Kessler is the second release by Alaric Garnier at Production Type.
Pursuing the designer’s explorations in vernacular lettering, stonecarving and signpainting, Kessler is a first retail incursion into the realm of type not designed for the public space but instead for books. It may sound quite peculiar that Garnier’s tropisms hover around anything but printed text type, yet this specificity is exactly what nourishes Production Type’s variety of approaches, and what we deem a contemporary purveyor of type should seek: relevance, usefulness, and aesthetic agnosticism. Indeed, Garnier’s practice spans over many media besides print, and Kessler is no exception: signage was its first public use.

Kessler originated in 2013 as a late study by Garnier of Harry Kessler’s 1905 bespoke type, discovered in the Monotype Recorder*. In 1904, during his work in Weimar, Harry Kessler began to publish a group of bibliophilic books containing artistic compositions of typography and illustrations. In the beginning he cooperated with the German Insel Verlag. In 1913 he founded his own company, the Cranach Press, of which he became the director**. Harry Kessler initially commissioned an alphabet designed for his book’s covers.

For Garnier, what started as a caps-only alphabet was then further revised and expanded. First in two large sizes, Display and Super Display, they both stress a sharp and crisp serif look. In 2014, the international graphic design festival in Chaumont commissioned Garnier for signage, resulting in the addition of lowercases. The latter is probably where the Anglo-Saxon influences show most in Kessler. Only in 2016 did the italics appear while Garnier was working for the Kadist Foundation, and Kessler Text followed in late 2017, subsequently used in 2019 for the publisher Dilecta’s “Nouvelles Vagues, Œuvres d’art imprimé” compendium book.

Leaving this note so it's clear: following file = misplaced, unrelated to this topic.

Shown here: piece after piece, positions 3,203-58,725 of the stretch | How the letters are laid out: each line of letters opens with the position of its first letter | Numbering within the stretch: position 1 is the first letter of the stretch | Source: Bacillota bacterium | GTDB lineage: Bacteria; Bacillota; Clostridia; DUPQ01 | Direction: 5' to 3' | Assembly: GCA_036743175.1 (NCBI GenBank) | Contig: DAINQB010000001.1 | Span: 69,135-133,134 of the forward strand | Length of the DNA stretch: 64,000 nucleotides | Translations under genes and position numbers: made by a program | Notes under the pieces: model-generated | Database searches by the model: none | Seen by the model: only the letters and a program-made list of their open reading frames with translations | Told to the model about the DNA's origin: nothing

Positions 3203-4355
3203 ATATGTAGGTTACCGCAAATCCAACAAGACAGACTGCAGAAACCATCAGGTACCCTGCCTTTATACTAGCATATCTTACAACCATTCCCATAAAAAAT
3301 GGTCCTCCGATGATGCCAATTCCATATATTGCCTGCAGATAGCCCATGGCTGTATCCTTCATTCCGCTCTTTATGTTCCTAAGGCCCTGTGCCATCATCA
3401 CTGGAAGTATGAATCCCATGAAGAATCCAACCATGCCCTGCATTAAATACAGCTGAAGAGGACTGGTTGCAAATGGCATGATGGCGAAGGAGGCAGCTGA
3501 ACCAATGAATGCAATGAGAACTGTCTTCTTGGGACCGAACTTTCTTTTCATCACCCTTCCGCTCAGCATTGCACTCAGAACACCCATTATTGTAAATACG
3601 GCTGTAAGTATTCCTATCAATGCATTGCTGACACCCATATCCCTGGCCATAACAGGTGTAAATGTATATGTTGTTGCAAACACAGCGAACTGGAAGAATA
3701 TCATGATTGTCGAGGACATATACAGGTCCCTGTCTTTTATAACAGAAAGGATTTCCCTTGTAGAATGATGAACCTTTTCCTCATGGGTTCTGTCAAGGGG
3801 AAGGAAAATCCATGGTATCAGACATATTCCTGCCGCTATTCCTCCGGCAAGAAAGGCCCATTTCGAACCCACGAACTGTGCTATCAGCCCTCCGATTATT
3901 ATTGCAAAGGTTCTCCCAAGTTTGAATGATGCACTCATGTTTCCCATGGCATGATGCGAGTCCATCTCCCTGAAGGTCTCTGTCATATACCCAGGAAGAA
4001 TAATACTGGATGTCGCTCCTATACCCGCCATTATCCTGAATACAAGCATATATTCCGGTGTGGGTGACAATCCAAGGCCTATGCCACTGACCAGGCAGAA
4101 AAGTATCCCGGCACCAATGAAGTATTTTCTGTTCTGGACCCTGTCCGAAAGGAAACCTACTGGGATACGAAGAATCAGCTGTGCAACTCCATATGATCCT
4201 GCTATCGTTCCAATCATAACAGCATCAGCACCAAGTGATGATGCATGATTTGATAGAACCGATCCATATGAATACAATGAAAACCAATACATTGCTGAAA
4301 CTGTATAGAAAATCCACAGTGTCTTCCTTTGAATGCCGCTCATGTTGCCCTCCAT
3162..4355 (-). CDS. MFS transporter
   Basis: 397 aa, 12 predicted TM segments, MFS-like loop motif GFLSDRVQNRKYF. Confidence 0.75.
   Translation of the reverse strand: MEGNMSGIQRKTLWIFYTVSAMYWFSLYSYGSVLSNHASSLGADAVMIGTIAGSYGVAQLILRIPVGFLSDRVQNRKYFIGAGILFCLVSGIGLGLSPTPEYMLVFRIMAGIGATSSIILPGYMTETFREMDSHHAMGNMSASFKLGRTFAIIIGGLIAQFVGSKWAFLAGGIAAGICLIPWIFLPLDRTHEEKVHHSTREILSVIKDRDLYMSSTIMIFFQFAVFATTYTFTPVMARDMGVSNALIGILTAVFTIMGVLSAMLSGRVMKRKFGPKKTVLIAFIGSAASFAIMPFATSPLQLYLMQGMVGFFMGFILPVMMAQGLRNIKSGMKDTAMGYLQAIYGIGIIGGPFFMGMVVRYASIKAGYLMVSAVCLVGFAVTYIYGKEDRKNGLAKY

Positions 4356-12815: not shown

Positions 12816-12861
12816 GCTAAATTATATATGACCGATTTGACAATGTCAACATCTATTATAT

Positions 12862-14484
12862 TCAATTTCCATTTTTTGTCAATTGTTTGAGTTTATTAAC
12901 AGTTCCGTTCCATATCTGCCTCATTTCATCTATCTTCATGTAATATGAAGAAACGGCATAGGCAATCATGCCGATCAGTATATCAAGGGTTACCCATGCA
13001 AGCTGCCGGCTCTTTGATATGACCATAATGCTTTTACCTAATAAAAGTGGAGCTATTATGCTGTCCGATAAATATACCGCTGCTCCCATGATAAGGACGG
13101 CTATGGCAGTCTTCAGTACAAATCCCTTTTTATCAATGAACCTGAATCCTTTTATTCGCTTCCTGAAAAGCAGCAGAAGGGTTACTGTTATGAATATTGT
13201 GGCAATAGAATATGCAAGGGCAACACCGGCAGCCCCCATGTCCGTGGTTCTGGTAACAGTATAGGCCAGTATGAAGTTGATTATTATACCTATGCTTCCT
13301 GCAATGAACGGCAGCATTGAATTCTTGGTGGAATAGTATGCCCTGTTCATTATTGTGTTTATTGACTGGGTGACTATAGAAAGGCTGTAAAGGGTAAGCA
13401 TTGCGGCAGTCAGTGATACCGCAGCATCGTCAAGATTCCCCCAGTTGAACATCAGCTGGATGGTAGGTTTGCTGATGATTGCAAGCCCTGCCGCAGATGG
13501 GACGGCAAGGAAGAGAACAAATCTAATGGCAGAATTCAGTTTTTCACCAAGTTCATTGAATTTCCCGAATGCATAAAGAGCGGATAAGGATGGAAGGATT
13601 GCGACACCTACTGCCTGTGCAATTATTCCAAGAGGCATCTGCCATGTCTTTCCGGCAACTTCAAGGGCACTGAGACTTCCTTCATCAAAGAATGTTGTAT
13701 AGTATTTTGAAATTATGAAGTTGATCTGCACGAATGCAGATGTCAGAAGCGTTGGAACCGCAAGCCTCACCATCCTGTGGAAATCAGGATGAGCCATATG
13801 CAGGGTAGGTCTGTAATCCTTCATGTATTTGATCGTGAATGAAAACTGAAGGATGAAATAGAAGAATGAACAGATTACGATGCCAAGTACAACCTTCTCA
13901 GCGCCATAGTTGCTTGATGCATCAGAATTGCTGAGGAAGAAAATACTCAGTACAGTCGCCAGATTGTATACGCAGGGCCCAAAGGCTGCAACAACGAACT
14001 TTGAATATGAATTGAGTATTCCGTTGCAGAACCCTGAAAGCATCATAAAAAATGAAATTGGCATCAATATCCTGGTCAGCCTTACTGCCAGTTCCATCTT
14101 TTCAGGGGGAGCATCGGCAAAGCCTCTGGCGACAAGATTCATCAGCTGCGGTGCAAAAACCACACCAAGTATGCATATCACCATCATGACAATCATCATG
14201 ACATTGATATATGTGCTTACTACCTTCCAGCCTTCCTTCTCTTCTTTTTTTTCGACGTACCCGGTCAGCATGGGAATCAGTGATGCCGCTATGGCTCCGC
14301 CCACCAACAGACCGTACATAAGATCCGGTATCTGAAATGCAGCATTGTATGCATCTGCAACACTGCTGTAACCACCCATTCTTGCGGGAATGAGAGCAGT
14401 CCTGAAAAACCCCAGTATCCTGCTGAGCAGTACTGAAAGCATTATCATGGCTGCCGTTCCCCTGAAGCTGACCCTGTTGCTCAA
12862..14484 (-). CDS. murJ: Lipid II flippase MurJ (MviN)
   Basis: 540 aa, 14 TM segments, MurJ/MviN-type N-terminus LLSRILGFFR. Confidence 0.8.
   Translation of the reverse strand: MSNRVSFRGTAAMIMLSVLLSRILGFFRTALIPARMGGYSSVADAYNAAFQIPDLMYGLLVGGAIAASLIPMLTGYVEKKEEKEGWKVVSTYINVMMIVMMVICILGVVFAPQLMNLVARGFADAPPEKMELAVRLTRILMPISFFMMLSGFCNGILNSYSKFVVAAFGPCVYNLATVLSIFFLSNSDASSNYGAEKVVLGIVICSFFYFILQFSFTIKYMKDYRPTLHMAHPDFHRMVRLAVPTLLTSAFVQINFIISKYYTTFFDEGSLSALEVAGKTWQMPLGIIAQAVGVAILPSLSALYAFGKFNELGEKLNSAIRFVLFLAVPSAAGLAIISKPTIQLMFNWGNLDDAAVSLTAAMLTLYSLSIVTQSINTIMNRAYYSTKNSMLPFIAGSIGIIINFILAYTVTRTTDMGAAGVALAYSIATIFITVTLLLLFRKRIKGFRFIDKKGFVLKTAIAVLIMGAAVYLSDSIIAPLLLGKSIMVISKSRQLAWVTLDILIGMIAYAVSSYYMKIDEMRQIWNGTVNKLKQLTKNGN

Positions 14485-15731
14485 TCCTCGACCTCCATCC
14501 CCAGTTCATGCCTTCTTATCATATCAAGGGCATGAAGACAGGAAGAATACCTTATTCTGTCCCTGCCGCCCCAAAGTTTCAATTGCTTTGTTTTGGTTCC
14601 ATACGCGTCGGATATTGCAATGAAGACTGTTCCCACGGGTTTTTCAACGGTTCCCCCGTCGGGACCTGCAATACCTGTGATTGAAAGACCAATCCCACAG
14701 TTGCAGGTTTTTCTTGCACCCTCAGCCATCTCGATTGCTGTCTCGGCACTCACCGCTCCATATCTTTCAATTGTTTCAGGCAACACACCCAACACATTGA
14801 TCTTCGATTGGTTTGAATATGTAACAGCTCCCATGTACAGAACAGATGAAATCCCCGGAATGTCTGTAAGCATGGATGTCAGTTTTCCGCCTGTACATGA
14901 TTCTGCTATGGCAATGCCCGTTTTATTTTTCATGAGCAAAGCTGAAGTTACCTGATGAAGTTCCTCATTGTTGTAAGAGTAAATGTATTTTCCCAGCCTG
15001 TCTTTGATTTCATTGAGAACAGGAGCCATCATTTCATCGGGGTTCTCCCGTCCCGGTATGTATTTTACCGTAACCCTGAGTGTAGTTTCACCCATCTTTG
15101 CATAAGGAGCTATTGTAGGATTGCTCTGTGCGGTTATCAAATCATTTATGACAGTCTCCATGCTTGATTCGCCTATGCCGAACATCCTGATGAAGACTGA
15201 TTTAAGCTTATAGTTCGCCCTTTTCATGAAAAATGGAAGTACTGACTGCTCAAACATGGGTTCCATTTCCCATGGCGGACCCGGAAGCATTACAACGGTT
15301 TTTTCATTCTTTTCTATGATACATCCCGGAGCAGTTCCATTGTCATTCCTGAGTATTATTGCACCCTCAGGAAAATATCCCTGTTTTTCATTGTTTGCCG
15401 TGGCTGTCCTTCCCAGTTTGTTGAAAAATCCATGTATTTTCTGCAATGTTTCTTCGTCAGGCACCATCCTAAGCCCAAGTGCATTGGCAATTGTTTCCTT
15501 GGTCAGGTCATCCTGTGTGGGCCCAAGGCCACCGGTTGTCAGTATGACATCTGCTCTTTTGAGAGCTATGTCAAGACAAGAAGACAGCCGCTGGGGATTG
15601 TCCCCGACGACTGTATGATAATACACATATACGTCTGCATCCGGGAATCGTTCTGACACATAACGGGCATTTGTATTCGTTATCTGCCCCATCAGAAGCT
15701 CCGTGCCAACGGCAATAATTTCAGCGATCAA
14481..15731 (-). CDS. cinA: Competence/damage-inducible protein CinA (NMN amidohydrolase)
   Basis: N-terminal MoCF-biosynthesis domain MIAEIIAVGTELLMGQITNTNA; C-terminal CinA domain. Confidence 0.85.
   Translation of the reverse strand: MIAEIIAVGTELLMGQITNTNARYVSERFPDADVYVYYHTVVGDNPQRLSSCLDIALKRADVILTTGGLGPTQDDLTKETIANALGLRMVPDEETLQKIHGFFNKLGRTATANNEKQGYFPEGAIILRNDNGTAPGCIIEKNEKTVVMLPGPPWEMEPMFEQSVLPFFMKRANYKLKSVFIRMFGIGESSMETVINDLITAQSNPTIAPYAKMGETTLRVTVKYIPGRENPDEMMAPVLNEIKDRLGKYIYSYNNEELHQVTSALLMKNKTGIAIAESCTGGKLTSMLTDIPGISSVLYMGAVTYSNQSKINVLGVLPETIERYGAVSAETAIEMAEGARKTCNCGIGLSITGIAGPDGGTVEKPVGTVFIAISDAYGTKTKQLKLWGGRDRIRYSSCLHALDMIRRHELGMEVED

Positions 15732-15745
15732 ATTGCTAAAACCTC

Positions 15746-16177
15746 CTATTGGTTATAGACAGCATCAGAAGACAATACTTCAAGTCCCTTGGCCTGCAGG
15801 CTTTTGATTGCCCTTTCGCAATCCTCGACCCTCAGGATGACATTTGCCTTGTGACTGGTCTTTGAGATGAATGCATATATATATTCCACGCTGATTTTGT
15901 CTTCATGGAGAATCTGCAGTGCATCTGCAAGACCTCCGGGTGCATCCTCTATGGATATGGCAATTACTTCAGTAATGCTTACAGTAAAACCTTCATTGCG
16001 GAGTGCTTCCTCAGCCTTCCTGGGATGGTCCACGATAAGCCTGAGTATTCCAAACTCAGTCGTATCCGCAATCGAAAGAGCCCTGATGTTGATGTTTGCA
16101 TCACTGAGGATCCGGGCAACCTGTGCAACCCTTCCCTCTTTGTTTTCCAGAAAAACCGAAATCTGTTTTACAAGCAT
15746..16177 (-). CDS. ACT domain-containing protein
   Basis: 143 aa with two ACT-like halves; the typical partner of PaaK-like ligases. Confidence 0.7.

Kessler’s Texts and Displays share a common spirit, but differ in structure. Mostly, it is Garnier’s common drawing hand that links them and gives the small system its consistency. As much as Kessler Text simultaneously recalls Eric Gill’s Joanna and Martin Majoor’s Scala Serif, it finds its own peculiar voice with this “slab-but-not-so-much”. Sturdy and clear at the same time: that’s the tension achieved by Garnier, who devised shapes that are both delicate and resilient. This also trialed Quentin Schmerber and Marion Sendral’s font development work, where the conscious consistency of discrepancies were a workflow challenge.

Strong artistic stances, design differentiations between the cuts, and a lack of weights implying resolute design choices by the user: a spectrum of reasons to place Kessler in our LAB section, until a hypothetical future expansion.

→ Buy Kessler from €70. Family of 6 styles from €199. 
→ Download the PDF specimen.

Design: Alaric Garnier.
Team: Quentin Schmerber, Marion Sendral, Hugues Gentile.
Pictures & AD by Avant Post.

* Monotype Recorder, Vol. 41, Nº3, London, 1958.
** Source: Wikipedia, Harry Kessler”, retrieved March 23rd, 2019.

Kessler
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Kessler

Kessler is a vivacious inscriptional serif typeface in 6 styles.
682
9,183
17
Published: